Dozens of bottles left over from a party, teak scrap wood found on a housing estate, broken water jars scavenged from an abandoned building and used boxes from an architect's fair have been adapted into innovative furniture at this abandoned shophouse turned eco-friendly library.
The ceiling chandelier is made of soda bottles, the bookshelves are fashioned from old boxes, while the beautiful teak planks cover old and dirty concrete walls. A broken toilet has been converted into a plant pot for a corner of the reading room and light streams in through strips of transparent roofing tiles. The shophouse's garden and the canal on to which it backs have been cleaned up and, with seasonal flooding in mind, the ground floor has been raised and strewn with seats for those wishing to bury themselves in a book.
The mezzanine has been turned into a chill-out zone with floor mattresses - a quiet place for contemplation and meditation.
The 50-square-metre-library is the culmination of the latest recycling architectural project by the Community Architect for Shelter and Environment (Case) group and its local partners.
Case is famed for the renovation of the popular Samchuk Living market/Living Museum in Suphan Buri, Bangkok's Talad Bang Kaen community living along the old Praem Prachakorn canal dug during King Rama V's reign to connect Bangkok and Ayutthaya, and Ten, a housing project in Min Buri that rethinks the relationship between community and individuality.
"Financial limitations inspired us to make full use of recycled items," says architect Patama Roonrakwit, Case's co-founder.
Sharing resources has long been Patama's pet strategy. Last year, invited by art4d magazine to exhibit at Architect's 08 Expo, she borrowed from tod kathin, a Buddhist form of merit making, and set up seven zones where people could donate used construction equipment along with books, toys, stationary, plants, houseware and stuff for pets.
"It was very successful. We came back with a lot of stuff that could be used both for this project and for future projects," she says.
Case spent just Bt70,000 renovating the library. Patama says that a commercial project would have cost at least Bt250,000.
To show how the community and its environment can be improved through simple and sustainable measures, Case started by transforming a dirt play area into a concrete playground surrounded by plants back in 2007. While converting the rundown shophouse into a lively library may have been completed in three weeks, Patama points out that the real renovation work, including research and encouraging community participation, has taken more than three years.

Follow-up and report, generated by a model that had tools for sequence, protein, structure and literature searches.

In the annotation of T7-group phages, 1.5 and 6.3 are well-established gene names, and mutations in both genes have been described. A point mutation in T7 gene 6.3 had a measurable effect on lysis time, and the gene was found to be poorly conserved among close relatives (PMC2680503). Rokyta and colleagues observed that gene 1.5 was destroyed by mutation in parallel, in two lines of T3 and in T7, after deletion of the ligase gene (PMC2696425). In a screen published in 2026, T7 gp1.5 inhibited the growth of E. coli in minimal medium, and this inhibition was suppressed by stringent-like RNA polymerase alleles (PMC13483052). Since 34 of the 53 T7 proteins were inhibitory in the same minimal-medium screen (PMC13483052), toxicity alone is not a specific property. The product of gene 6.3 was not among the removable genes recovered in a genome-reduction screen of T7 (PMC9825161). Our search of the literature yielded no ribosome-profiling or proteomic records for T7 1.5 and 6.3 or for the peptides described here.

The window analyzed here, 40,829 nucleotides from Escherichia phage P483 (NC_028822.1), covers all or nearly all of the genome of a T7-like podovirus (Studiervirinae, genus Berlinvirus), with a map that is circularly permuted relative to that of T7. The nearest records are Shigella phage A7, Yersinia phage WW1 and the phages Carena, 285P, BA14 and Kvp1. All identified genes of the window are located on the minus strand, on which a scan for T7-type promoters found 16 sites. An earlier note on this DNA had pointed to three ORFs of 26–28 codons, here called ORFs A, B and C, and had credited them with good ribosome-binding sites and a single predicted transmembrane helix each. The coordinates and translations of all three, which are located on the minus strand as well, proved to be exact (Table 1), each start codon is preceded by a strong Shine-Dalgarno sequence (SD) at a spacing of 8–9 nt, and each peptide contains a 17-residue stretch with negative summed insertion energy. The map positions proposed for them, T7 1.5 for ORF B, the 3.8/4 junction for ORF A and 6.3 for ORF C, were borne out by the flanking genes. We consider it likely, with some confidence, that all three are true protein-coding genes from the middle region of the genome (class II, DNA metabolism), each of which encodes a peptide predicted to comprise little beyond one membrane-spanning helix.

"A century ago, the Chinese merchant community living along San Sap Klong was very wealthy. The Chinese-style, half-concrete-half-wooden buildings are now in bad condition and local industry has died out," says architect Kasama Yamtree, who teamed with Norwegian architecture students TYIN for the project.
After the wealthy Chinese moved out, the property was in the hands of the Crown Property Bureau before being handed over to the Religious Department. Residents rent the land at a cheap price. Currently, more than 400 families live on the 44-rai plot.
"We no longer own this land and we don't know about our future so no one wants to invest in renovations," explains Chanajit Ampansaeng, 50, a third-generation member of the community.
Although some shophouses have been abandoned, their design is still eye-catching. A popular TV soap about a Chinese family was recently filmed in the area.
The new library has helped bring about a new sense of community spirit.
Jutalak Fukfang, Chuleeporn Daengluk and Kwanjai Sareesuth often head to the library after school. They usualy make for the greenery-rich courtyard at the rear to bag their favourite spot near the three solar-cell lamps that provide power for the premises.
"We love this place," say the kids with big smiles.
They were among the children who joined TYIN's painting workshop. The Norwegians cut wooden plates into small pieces for the youngsters to create their artworks then combined the paintings jigsaw-style into one large picture that now hangs on the wall.
"I'm proud of myself every time I see my painting," says Jutalak pointing to her creation.
Chattha Nutklue, a seafood merchant, is also a regular member.
"I come here every day to read motor magazine or books on Thai cooking," he says. "Some days, I go up to the mezzanine for a nap."
On weekends, kids enjoy playing the Millionaire game while teens sign up for guitar workshops or painting classes. Today, the one-month-old-library is the meeting place of the Old Min Buri Market community.
"The community members take it in turns to take care of their library. Every time we visit, we find new plants, new paintings on the wall and the library's rules placed in full view," says Kasama, adding that Chot, who owns the grocery shop next door, waters the plants and cleans the library every morning.
In the near future, Patama and Kasama plan to host a photo exhibition, inviting professional photographers as well as community members to capture the old market. They also dream of bringing back the old charm of life along the klong by encouraging the community to clean the canal and use boat transportation again.
And the eco-friendly library is inspiring some community members to make plans of their own.
"My wife wants our house to be like the library," Chattha says. "We're thinking of constructing a mezzanine for our children."